Morris is not sure it is really necessary. Chapman is not picturing the risk. It is going to be a golf course anyway. Fields said Clear Creek is going to be all commercial buildings. However, a fire went through the field this summer that did about $50,000 damage without touching a structure.
Swales would like to see the applicant explore the possibility of extending some kind of vehicular access to the northeast by including a narrow strip included in the Urban Growth Boundary or wait on this project until Randy Street goes through. He moved to deny the proposal. Briggs seconded the motion. The motion failed with Swales, Amarotico, and Briggs voting "yes" and Kistler, Morris, Chapman, Fields, Gardiner voting "no".
Fields suggested adding a Condition that involves three-points of safety: 1) some kind of connection, preferably landscape or grass crete between the two alleys, 2) access onto the multi-use path, allowing emergency or maintenance access to the northwest (to the field), and 3) 100 foot buffer and access agreement to maintain the grass.
With the addition of these things, Fields moved to approve PA2002-128. Amarotico seconded the motion. The motion carried unanimously.
VACATION OF ALLEYS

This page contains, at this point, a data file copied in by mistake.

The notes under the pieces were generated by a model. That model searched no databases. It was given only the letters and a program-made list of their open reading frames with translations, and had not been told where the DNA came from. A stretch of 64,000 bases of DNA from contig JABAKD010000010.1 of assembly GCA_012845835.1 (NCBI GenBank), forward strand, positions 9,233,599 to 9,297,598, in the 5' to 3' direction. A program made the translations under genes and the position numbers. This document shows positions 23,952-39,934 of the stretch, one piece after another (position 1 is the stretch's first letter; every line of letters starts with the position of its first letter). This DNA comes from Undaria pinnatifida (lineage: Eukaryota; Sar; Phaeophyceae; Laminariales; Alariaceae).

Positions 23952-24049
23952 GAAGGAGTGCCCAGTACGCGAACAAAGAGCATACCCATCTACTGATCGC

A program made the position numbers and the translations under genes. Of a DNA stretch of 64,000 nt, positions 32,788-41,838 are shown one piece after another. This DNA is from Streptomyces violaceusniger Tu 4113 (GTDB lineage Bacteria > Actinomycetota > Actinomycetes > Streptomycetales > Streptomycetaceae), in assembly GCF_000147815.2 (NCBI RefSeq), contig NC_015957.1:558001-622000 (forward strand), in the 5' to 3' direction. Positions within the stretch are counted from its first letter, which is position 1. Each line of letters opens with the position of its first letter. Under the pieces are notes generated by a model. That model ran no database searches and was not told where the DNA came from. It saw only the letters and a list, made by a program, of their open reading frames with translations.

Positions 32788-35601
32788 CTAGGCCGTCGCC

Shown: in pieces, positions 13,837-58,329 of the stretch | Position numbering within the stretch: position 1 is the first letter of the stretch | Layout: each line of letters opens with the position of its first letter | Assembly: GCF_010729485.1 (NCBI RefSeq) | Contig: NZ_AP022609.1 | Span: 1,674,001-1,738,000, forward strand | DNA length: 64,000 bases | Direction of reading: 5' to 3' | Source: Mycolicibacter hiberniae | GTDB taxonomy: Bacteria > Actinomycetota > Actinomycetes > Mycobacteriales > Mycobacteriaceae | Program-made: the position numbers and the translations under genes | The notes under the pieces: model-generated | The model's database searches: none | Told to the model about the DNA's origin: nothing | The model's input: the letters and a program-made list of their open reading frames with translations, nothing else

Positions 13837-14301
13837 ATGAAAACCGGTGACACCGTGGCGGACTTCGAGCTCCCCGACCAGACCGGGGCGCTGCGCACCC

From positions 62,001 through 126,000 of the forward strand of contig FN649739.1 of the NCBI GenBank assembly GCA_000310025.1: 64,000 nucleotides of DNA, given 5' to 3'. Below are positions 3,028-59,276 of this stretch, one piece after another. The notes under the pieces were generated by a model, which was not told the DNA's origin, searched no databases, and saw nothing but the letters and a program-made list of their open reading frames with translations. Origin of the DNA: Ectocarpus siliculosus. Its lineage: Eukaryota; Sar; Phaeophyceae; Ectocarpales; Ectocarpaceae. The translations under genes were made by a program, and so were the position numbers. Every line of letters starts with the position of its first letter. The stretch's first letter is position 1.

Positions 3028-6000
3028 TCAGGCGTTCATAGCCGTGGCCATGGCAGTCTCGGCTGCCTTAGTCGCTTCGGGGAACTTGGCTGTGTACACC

Vacating three unopened alleys between Hersey Street, Helman Street and the Central Oregon and Pacific Railroad and a portion of the east/west alley between Laurel and the Central Oregon and Pacific Railroad.
McLaughlin said the Planning Commission is required to review vacation of alleys to ensure there is a link. Staff has found no to the city by keeping the alley and we are recommending approval.
The Planning Commission did not voice an objection to the vacation.
HEARINGS BOARD ASSIGNMENTS FOR 2003
January through April
The remaining Hearings Board assignments will be made when the new commissioners are appointed.
Fields asked about a retreat for the Commissioners. McLaughlin said he is having difficulties finding a facilitator. He will be getting in touch with the Commissioners.
This is Amarotico and Gardiner’s last meeting. McLaughlin expressed his appreciation to
both for their hard work on the Planning Commission.
ADJOURNMENT- The meeting was adjourned at 11:05 p.m.